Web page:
Truckee trails plan is on the right path |

Truckee trails plan is on the right path

In 2002, the Town of Truckee completed the Truckee Trails and Bikeways Master Plan.

This visionary document involved the work of countless volunteers and dedicated town staff, and provides for over 130 miles of trails and bikeways for recreation and for alternative transportation.

Of course, the obvious question is what has happened in the intervening years to take a network of trails from conception to reality. And what does this network look like as it appears on the ground? Over the next few months I’ll be writing about what has happened, what is happening, and what is planned to grow Truckee’s trails and bikeways infrastructure.

But first, back to the Master Plan and a primer on trails. Currently, the Master Plan provides for four different kinds of non-motorized routes:

– Recreational Trails ” These are unpaved trails, single track or wider;

– Class I Bike Paths ” These are paved bike paths that are separate from any roadway. A great example is the bike path from Squaw Valley to Tahoe City;

– Class II ” These are on-street bike lanes that are striped and signed, and are also often characterized by a stenciled biker in the middle of the lane. You’ll see Class II bike lanes all the way around Northwoods Boulevard and along Donner Pass Road from Gateway to the Donner Pines Market;

– Class III ” These are on-street routes typically in residential neighborhoods with slower vehicle speeds. The only thing a bike route needs to become official is roadside signs.

While the Trails and Bikeways Plan is very clear about where Class III and Class II bikeways go, what it does not do is distinguish between recreational trails and paved bike paths. Why does this matter? Knowing which trails are paved bike paths and which are recreational, soft surface trails can help the town provide trails that meet both the recreational and alternative transportation needs of our community.

To provide better guidance, the Town of Truckee has partnered with the Truckee Trails Foundation and Streamline Consulting Group to conduct a public process that will add detail to the Truckee Trails and Bikeways Master Plan. The primary outcome will be to assist town staff help developers and other trail builders understand what kind of trails are required for different areas of Truckee.

What is also cool about the process is that it will add to our understanding of how people in Truckee think about their emerging trail system. During the process we will be conducting surveys at soccer games, in front of cycling stores, at trailheads and in different neighborhoods to gauge public opinion. This is also an opportunity to bring together members of the many different user groups to form the Advisory Committee that helps to guide the process.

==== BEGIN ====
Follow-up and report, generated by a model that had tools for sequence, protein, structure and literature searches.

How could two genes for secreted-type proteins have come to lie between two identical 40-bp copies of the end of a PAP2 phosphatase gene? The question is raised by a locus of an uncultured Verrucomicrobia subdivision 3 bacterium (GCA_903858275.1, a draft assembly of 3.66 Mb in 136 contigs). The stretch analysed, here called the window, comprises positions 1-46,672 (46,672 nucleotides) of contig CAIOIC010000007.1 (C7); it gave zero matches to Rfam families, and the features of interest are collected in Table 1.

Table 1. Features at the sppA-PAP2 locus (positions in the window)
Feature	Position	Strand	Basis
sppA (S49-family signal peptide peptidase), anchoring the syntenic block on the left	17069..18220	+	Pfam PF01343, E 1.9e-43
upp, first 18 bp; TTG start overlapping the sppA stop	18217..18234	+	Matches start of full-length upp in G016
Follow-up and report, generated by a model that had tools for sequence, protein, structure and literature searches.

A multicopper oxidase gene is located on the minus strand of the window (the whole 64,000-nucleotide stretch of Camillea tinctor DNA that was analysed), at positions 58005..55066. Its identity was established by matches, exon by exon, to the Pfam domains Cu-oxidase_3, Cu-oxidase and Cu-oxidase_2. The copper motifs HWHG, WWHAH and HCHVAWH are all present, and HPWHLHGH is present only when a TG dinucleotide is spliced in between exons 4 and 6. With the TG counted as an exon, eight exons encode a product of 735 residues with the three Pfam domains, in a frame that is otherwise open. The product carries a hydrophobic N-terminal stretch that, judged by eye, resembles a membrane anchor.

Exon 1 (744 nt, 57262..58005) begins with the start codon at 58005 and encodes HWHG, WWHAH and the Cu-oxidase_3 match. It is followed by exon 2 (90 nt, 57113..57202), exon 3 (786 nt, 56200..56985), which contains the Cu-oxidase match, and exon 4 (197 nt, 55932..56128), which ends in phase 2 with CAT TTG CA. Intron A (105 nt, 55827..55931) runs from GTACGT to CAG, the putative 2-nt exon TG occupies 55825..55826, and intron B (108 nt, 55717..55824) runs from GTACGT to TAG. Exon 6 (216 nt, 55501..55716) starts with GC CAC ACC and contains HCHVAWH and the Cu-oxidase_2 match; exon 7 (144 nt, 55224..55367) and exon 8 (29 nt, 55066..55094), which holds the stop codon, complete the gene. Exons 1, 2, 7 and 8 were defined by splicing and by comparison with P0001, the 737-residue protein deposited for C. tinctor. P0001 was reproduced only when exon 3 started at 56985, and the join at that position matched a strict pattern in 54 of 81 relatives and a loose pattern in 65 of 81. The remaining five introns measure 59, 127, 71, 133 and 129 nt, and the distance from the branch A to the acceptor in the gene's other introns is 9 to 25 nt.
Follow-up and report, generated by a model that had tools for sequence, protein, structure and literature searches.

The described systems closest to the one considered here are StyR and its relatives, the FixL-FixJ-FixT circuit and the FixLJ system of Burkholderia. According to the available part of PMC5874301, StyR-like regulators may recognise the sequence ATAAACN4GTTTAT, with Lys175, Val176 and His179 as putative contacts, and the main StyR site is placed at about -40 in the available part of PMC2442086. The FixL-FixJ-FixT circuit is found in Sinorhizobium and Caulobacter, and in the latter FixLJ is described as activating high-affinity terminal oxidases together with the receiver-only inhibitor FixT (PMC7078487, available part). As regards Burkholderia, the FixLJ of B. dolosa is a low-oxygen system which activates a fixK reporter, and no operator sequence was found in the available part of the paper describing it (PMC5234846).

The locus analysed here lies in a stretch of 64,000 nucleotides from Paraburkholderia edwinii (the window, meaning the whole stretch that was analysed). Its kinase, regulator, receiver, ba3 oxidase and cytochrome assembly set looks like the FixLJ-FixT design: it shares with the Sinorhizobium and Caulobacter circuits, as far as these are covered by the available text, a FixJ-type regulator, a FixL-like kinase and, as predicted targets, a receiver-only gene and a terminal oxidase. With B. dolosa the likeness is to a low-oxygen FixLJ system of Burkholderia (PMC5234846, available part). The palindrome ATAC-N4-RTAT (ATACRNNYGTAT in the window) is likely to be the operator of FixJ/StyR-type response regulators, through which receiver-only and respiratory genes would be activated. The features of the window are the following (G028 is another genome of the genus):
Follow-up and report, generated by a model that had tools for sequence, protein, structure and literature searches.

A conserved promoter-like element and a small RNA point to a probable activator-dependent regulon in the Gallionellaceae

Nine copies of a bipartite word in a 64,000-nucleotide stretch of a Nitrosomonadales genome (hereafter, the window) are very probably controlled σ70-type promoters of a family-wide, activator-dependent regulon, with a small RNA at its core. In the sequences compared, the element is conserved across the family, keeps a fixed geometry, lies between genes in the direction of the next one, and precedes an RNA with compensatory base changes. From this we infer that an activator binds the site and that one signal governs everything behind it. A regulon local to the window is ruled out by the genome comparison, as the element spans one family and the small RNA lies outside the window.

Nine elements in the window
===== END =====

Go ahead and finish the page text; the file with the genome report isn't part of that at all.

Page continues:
Finally, the process could very well end up providing the town and the Trails Foundation with some innovative tools that the public can use to chart the progress of Truckee’s trail system.

Why is this important? Almost daily I receive calls and e-mails inquiring about this trail or that bike lane. The process underway to add detail to the Trails Plan could produce valuable tools for the community “

establishing a tiered system of prioritizing trail and bikeway construction, and an updated Truckee Trails and Bikeways Master Plan map backed up by an informational database where you can click on a section of trail or bikeway and get important information about who is responsible for building the trail, timelines and budget. Want to know the status of the Our Truckee River Legacy Trail? Click on the map and you’ll know as much as the people building the trail.

Of course there is already one map available that can show you the current status of Truckee’s bikeways system ” the Truckee Bike Map that the Truckee Trails Foundation produced last year. My shameless plug: Great to look at and easy to use, the map is your guide to easy, intermediate, and advanced rides. All the bike routes shown on the map correspond to the signed bike routes you see along Truckee’s roadways, which were funded and installed by the Town of Truckee.

This map is available at fine establishments throughout Truckee (for a list go to and click on ‘links’ for a list of bike map distributors) for a small donation of $3.

Leigh Fitzpatrick is the Executive Director of the Truckee Trails Foundation. He wants to remind everyone to come out for Truckee Trails Day on Sept. 16th. Go to and click on ‘events’ for details.

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